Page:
Coral reefs are dying around the world. A report released by the Global Coral Reef Monitoring Network in 2004 found that more than 2/3 of the world's coral reefs are on the verge of collapse… or already destroyed.
The coral reefs in Hawaii are still pristine, which is why after a large tanker ran aground earlier this year off the coast of the island of Oahu, a major effort was launched to repair the damage done by the ship and its anchor to the delicate coral reef growing in the offshore waters.
The unusual repairs were accomplished by teams of divers hauling buckets of special cement 20 meters down to the ocean floor.
The 170-meter long Cape Flattery was carrying a load of powdered cement when the Hong Kong-registered vessel struck the reef off the Hawaiian island of Oahu. While some cement spilled and hardened during the emergency off-loading, much of the damage to the reef came from the ship's anchor and tugboat cables.
John Naughton, a biologist with the National Oceanic and Atmospheric Administration, says emergency repair work began at once. "We were astounded by all this coral that had been toppled," he says. "We suddenly realized that we have got to stabilize as much of this as possible, because the individual corals heads would die, because they would be moved around. The second thing is that they (corals) act as large bowling balls on the bottom and in the first storm (they would) go careening into the remaining coral and do a lot more damage."
Mr. Naughton and his colleagues came up with the idea to cement the damaged corals back in place. Divers adapted a technique normally used in shallower water. One hurdle was to get the pre-mixed compound to a depth of 20 meters before it hardened. "We have had to devise ways with these 5-gallon (19 liter) buckets to cap them," he says. "You (have) to let water in, so you didn't get pressure gradient differentials. When you are working in shallow water, you don't have to worry about SCUBA, decompression -- a whole lot of different things that you have to worry about (in deeper water).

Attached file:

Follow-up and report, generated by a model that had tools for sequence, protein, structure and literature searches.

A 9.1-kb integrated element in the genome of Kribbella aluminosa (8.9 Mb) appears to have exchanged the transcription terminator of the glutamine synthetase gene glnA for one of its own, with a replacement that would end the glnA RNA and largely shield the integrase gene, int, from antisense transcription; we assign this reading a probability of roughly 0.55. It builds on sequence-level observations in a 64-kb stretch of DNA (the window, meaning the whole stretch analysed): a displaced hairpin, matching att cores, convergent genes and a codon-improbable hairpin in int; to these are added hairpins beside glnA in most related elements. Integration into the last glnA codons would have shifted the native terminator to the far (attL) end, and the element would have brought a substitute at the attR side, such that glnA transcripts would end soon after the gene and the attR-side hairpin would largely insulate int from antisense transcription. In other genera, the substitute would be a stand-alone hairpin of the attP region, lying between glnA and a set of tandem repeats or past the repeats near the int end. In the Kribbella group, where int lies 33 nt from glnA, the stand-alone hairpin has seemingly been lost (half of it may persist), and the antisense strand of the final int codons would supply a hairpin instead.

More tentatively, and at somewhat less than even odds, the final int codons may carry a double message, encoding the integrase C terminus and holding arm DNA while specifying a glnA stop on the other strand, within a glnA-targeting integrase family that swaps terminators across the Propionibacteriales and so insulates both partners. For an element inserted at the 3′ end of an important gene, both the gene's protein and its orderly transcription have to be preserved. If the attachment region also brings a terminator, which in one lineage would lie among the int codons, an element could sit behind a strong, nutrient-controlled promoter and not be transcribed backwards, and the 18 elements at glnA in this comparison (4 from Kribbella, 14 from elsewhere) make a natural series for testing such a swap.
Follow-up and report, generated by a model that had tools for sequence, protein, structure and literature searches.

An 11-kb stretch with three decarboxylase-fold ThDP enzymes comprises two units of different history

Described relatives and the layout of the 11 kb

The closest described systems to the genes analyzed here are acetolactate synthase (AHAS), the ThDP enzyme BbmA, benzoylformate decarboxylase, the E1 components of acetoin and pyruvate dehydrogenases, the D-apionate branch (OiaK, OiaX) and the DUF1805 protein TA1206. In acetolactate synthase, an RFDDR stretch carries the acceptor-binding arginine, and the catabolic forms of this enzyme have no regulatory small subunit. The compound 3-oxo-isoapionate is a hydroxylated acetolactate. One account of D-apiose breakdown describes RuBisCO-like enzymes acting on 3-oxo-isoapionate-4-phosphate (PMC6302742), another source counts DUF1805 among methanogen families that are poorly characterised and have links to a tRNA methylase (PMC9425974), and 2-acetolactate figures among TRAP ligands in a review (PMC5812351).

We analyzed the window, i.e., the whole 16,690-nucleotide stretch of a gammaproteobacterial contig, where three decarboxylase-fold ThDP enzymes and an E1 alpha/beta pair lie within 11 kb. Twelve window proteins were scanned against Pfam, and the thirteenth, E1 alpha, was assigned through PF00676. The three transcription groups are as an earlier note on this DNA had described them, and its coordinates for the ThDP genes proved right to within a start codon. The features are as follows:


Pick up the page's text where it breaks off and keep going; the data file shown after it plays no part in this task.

Nearly every day for 2 months, divers worked like underwater bricklayers transplanting and reattaching broken coral. "Some of the coral was sheered off. So the base of the coral was still there," Mr. Naughton says. "Those corals we feel will come back as long as they are stabilized and not moving around. The tissue will grow over the damaged ends where they were sheered off. So we left those alone. But we gathered up the big branches that were broken off in some cases and those we stuck around into clusters, and those seem to be fine too. So it was very encouraging."
Coral doesn't die when it breaks. "Corals are just a sheath of living tissue - living cells or polyps - around the older coral skeleton," Mr. Naughton says. "As they grow there is of course dead material inside, but that is what forms the reef." What kills the coral polyps, he says, is abrasion against the bottom of the ocean. "That is why stabilization is so important. This way we were able to stabilize and we were able to do the actual restoration work." And, Mr. Naughton says, they have been pleased with results: "The bottom, the cement pads themselves, are totally non-toxic, and we see natural colonization of algae and new coral settling on it. It sort of replicates the normal limestone bottom."
The repairs appear to have saved the reef in the short term. NOAA plans to continue monitoring conditions over time. A failure of the reef to hold up would result in a critical loss of biodiversity and shore protection, problems that threaten reefs around the world.